• The Montreal Home Guard

    This is by far the hardest subject that anybody has ever tried to write an article on. The Montreal Home Guard issue Savage 1899 military musket was a special order rifle lot for a group of Canadian citizens. That's right, citizens. The group of men were all officers of the Quebec Savings and Trust Co. located in Montreal P.Q. Later on it became the Canada Permanent Trust Co. and was affiliated with the Montreal Polo Club in some way.The group made an order to Savage for a special run of 1899D's because they thought the German army was going to invade Canada soon. When you joined the MHG you had two choices, one was to bring your own rifle, which was mostly Winchester carbines and such, or two, buy one of these new issue rifles from Savage. Some went the extra mile and had their names engraved in the receivers of the rifles by a jeweler in Montreal. Not a lot of info is known on these rifles and there is no known list of the people or the numbers that the guns were assigned to. Collectors like myself have been trying different avenues for a long time to track down some kind of list but meet a dead end most times. I myself have contacted the Canadian military but since the company was civilians they have no records of the rifles either.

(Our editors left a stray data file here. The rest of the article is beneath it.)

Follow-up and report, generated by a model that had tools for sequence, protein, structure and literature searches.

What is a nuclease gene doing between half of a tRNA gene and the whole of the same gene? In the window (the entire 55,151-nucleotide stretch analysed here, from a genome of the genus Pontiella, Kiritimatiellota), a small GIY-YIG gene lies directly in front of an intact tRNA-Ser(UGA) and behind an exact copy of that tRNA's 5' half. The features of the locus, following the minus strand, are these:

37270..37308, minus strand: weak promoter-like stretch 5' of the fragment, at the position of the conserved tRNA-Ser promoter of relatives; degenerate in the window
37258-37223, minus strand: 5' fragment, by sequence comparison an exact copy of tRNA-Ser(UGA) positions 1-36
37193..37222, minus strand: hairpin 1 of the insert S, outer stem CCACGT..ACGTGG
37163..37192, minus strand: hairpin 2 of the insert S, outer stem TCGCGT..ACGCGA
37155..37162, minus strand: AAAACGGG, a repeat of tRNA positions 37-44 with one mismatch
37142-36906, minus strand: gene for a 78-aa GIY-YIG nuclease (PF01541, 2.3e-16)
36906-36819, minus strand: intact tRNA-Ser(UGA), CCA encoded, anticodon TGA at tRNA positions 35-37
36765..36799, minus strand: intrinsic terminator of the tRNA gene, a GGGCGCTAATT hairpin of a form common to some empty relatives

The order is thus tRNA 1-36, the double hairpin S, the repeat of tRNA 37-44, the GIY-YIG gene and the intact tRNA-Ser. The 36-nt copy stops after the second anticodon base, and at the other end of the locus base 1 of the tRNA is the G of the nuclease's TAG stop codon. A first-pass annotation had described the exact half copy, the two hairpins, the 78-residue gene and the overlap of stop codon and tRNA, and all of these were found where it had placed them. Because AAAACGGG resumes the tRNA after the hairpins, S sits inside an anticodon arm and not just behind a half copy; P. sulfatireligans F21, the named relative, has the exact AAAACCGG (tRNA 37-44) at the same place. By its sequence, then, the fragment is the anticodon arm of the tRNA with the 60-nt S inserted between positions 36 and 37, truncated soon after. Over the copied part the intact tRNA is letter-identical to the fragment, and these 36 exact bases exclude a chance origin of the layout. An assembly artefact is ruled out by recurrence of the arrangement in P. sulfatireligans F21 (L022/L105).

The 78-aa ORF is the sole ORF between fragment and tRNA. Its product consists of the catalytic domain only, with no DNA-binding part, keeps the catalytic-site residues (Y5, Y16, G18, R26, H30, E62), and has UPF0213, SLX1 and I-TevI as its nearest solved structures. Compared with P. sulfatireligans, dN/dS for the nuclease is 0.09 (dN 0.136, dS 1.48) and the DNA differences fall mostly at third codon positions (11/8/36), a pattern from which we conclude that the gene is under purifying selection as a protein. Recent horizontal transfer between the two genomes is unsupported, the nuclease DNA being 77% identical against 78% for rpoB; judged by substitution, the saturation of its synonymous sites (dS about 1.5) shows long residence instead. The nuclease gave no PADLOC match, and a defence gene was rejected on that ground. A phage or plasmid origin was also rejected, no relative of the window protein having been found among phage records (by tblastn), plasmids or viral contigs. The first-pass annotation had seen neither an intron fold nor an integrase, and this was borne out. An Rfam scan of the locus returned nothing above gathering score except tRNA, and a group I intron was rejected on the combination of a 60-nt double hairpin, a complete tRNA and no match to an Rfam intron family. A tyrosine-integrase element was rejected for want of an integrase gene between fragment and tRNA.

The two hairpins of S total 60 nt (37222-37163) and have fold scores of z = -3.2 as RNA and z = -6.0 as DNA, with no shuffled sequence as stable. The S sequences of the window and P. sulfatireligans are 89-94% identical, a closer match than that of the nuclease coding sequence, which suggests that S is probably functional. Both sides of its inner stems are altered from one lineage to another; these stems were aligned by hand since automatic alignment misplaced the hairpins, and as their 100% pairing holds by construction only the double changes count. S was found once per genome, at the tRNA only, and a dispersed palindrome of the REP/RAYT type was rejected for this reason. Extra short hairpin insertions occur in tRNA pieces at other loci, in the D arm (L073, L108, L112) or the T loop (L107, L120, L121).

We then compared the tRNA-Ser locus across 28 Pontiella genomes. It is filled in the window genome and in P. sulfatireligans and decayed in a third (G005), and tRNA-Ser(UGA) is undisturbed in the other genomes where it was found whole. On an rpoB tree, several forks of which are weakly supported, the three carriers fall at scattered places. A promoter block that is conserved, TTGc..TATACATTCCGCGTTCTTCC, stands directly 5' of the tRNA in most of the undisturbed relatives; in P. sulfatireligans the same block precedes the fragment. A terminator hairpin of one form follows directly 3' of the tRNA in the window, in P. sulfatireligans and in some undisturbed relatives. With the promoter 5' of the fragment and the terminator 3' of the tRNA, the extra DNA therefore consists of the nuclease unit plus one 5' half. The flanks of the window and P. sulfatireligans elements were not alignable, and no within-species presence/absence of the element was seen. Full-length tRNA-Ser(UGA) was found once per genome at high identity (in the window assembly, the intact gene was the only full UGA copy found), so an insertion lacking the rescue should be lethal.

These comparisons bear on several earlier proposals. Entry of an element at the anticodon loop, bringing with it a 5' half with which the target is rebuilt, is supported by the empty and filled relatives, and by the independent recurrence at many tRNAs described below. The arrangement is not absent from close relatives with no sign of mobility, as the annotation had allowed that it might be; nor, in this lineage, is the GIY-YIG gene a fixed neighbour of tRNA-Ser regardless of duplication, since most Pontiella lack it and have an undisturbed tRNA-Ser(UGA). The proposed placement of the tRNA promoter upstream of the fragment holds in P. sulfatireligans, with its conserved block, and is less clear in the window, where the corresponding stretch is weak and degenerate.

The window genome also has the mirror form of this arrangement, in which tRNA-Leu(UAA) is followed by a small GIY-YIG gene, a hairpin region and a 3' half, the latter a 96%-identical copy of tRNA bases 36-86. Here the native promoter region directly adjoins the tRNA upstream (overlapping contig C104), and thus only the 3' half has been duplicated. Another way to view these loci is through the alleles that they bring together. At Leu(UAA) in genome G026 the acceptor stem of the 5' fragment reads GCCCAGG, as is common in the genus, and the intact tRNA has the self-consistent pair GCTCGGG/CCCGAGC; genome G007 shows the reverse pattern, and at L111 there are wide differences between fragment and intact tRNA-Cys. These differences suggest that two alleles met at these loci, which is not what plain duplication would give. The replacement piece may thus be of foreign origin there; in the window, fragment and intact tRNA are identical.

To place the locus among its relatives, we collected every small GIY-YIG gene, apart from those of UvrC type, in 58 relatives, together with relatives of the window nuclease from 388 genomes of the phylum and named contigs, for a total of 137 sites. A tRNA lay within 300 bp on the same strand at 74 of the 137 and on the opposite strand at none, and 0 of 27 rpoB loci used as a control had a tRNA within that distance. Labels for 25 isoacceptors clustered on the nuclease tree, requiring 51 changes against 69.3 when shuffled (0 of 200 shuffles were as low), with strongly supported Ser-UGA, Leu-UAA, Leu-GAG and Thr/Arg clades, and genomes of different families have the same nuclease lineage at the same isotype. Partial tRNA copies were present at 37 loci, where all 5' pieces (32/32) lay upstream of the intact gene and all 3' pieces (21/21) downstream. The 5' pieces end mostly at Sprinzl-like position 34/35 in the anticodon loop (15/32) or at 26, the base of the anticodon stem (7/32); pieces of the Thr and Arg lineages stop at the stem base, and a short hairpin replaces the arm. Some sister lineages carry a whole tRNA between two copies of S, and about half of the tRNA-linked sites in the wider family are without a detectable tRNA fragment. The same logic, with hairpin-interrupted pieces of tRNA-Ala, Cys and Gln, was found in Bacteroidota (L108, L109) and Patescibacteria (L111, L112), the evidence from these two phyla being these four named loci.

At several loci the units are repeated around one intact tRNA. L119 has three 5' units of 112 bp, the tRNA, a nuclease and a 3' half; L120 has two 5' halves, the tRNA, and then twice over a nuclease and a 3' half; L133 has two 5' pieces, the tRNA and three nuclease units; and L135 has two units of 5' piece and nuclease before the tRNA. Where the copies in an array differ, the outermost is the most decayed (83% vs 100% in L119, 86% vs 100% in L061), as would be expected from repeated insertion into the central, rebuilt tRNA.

On Dec 14, 1914 a large order of the rifles left the Savage factory for Montreal and arrived the next day. From the info gathered from different collectors a final number of 827 rifles total was made for the company, although some will disagree. A number was given to each rifle when it left the factory, called the customer or rack number and was stamped on the top of the butt plate. I have a list of rack numbers and my MHG is listed on it as leaving the factory on Dec 30. The rack numbers ran into the 900s but some numbers were skipped as only 827 were delivered. My rack number is only a two digit of 90. All the barrels were 26 and had a forearm that stretched almost to the end of the barrel with a top section of forearm running along from the receiver past the rear sight. The front sight was a typical Rocky Mountain blade which Savage used as a factory sight on most of their rifles of the same era. The rear sight however was a flip up military ladder style sight with increments starting at 1 at the bottom and finishing at 13 at the top. The stock itself had 2 barrel bands holding the top and bottom sections of the forearm tight against the barrel. The butt stock was the same carbine type butt that the Savage 1899F also used with a butt plate that folded over the top of the butt stock. All of the Montreal Home Guard rifles were chambered in .303 Savage.

    If the men that had bought these back then would have known what they would have been worth these days Im sure the worst would not have happened. After the war had ended most of the guns were sold or turned into sporter versions and taken hunting. More than half of these rifles had their forearms dismantled, the top sections thrown away and the bottoms shortened to sporter model size. These rifles also had matching bayonets that accompanied them from the factory. These were all stamped with the same serial number as the gun it was mated with. Most of these were ground down and made into hunting knives and only 300 have been found that are still original.